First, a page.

Kok thrilled to reunite with Augustano in Merlion Trophy

By Michael Lee, Singapore Turf Club

Champion apprentice jockey Simon Kok Wei Hoong can’t wait to jump back on one of his favourite horses in the $250,000 Group 2 Merlion Trophy (1200m) this Sunday, Augustano.

Kok and Augustano became a formidable duo last year when they chalked up three wins on the bounce, the last one coming in a Class 2 race over 1200m on his pet surface Polytrack on August 30, 2019. After the charmed run came to an end at their fourth partnership, they have not recombined since.

The Hard Spun six-year-old has raced six more times, failing to flatter each time. Trainer Lee Freedman has now decided to revisit the old winning formula in a bid to spark him up again.

Augustano and Simon Kok Wei Hoong at their last win on August 30, 2019.

“Mr Freedman told me he had a ride for me in the Group 2 race, and I found out he would put me on Augustano,” said Kok.

“I’m very happy to be reunited with a horse I had a lot of success with, especially in a Group 2 race. It’s been almost one year since I last rode him.

“Bold Thruster will be the favourite and will be hard to beat. There will be a lot of speed in the race, Augustano’s stablemate (Excelling) is also fast, and Zac Kasa will also go forward.

“Ideally, we can track up right behind and with a bit of luck, I hope he can reproduce his old form, but it’ll be a tough race.”

Kok, who began his riding career in 2018, has won only one feature race to-date, the Group 3 Jumbo Jet Trophy (1400m) on Star Emperor (now known as Exceed Natural) on July 28, 2019.

He got a big buzz out of Sunday’s second aboard Top Knight in the Group 1 Kranji Mile (1600m), even if he wished the race could have been a few metres longer.

“The horse really gave me a lot of confidence. We had a beautiful spot in the race,” said Kok.

“When we came up to get clear run from the 600m, we were tracking Aramaayo (the winner), whom I know well as I won once on him. He has a very nice turn of foot.

“I just kept my horse rolling, the engine was warming up nicely, and in the last 300m, he produced a strong finish. We just missed out, but another three or four more strides, we could have got there.”

Kok won’t have a say should the Michael Clements-trained son of Zoustar go one better at his ultimate goal, the $500,000 Singapore Derby (1800m) on September 6, simply because he was just warming up the saddle for Vlad Duric.

“Mr Clements already told me I was just filling in for Vlad because he was suspended. I rode Top Knight at his previous start as well, but that was because Vlad couldn’t make the weight (53.5kgs),” said Kok.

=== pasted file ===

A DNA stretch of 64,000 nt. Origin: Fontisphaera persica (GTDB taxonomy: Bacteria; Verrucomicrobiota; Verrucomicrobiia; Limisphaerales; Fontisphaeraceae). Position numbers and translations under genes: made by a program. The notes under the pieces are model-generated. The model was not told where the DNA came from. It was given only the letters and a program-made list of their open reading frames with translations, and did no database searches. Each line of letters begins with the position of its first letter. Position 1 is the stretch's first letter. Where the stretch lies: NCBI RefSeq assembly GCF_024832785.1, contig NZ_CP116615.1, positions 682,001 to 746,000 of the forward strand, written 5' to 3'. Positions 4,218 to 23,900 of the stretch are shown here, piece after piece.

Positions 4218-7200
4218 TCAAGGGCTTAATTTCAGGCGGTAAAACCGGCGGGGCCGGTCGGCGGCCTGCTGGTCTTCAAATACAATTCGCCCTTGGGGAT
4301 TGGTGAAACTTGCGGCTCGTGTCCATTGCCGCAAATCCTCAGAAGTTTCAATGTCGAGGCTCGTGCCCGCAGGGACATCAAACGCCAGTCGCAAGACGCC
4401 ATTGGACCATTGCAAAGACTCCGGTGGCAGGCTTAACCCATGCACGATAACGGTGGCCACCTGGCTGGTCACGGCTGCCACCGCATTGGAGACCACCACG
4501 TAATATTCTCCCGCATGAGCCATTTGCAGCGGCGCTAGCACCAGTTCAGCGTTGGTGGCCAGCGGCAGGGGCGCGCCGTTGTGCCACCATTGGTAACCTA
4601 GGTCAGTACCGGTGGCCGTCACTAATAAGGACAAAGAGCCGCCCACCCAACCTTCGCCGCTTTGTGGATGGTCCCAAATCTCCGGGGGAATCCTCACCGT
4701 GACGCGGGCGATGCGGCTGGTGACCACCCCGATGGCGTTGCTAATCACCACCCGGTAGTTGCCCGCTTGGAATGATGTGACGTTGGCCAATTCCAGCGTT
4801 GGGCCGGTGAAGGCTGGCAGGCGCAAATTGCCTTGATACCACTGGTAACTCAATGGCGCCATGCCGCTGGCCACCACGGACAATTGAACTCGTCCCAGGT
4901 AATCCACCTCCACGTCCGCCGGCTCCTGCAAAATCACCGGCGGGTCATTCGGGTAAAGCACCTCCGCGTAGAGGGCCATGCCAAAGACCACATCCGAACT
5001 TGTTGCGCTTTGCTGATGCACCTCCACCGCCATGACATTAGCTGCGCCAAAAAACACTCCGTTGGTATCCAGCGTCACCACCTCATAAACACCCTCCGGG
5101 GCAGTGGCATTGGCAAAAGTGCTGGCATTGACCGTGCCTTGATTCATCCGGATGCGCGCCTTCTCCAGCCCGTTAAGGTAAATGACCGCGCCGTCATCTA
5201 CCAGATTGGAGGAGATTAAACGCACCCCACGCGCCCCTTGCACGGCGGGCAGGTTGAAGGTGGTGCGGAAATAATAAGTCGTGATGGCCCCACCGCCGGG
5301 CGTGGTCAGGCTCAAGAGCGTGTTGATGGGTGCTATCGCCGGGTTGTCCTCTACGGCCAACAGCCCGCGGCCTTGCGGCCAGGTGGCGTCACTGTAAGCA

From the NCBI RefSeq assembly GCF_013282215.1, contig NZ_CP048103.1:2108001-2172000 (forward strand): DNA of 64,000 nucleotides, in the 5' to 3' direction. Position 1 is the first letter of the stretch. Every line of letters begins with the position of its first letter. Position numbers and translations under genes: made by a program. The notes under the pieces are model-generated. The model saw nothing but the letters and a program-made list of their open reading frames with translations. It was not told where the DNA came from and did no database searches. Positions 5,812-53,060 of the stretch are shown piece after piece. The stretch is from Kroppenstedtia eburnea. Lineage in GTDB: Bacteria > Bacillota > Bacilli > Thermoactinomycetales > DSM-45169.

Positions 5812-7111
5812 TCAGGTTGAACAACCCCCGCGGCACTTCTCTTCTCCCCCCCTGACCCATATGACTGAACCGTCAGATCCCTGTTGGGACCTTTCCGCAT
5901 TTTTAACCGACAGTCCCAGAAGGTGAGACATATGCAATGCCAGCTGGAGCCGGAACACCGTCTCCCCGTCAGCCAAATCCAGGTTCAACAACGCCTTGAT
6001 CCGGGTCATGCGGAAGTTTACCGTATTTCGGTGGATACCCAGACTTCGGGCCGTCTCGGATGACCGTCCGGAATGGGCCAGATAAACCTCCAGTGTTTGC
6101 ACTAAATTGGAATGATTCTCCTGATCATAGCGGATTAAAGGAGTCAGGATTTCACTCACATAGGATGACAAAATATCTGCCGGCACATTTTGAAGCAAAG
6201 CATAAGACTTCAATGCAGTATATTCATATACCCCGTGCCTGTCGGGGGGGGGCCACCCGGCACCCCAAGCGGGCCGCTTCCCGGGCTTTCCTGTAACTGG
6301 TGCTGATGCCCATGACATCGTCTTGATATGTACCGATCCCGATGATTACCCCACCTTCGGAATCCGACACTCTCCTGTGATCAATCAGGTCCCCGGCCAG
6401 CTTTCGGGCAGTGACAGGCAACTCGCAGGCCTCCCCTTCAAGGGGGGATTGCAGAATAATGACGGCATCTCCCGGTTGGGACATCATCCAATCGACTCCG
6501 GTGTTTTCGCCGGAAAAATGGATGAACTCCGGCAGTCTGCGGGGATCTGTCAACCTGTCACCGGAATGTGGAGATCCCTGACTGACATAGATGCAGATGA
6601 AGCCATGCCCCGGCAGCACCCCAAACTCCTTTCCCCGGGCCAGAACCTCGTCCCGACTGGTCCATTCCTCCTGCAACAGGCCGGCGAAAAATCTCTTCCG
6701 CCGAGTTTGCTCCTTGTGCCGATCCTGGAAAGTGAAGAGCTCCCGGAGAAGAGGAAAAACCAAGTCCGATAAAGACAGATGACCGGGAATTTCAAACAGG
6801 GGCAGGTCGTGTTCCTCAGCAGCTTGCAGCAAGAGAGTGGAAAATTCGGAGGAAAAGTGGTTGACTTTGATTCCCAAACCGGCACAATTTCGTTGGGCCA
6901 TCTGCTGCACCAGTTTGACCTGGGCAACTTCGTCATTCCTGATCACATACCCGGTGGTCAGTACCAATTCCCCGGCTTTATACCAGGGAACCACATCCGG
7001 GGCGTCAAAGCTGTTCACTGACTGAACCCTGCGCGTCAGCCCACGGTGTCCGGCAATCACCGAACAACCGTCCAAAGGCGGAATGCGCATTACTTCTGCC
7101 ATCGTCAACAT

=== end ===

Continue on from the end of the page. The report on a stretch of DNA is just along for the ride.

“Vlad was always meant to ride him in the Derby. That’s okay, as I will ride another good horse, too, Pax Animi.

“He’s an up-and-coming horse and is improving all the time.”

The Cliff Brown-trained galloper was never quite in the firing line after being caught wide in his last lead-up run (Class 2 race over the mile won by Minister), but still remains among the main hopes in the Singapore Derby.

Winning the Derby would be nice, but right now, Kok would just like to regain that rich vein of form that was his at his premiership-winning season in 2019.

The Ipoh-born rider began his defence title campaign well by establishing a comfortable margin earlier in the year, but his momentum has stalled a little since racing resumed from the COVID-19 three-month break on July 11.

He has ridden only two winners thus far, both Diamond Mine and Super Speed coming for his master Steven Burridge on July 26.  That’s two winners in 48 rides for a strike rate of 4%, which is way below his usual standards of 20-25%.

“It’s been three weeks with no winners, but I was actually doing quite all right,” said Kok.

“I had many seconds, seven I think, and a few thirds. If some of those seconds had won, my score would have been much better.

“I think this year, it’s been harder to get outside rides. As it’s hard to find jockeys, my boss has been putting me on his horses more often, but in general, the support is about the same.”

There is also another major factor keeping Kok on his toes this season, Mark Walker’s rising apprentice jockey Hakim Kamaruddin.

After hitting the ground running from Day 1, the Malaysian rookie has been notching up winners at a regular rate, mostly for Walker, but his haul was still half of Kok’s when racing was suspended.

The dominance has, however, swung the other way at the restart. Hakim has almost doubled his haul with seven winners to sit on 15 winners, having cut Kok’s lead to only two.

Kok’s response to having someone breathing down his neck is a measure of the sportsman in him.

“Hakim has a big chance (of becoming champion) this year, especially as he gets support from a big stable like Mr Walker’s,” he said.

“I’m actually very happy for Hakim. He’s riding well and it’s good to have a local up-and-coming jockey.

“I can only do my best to hold on to my lead. It’ll be an exciting fight.”


Author: iRace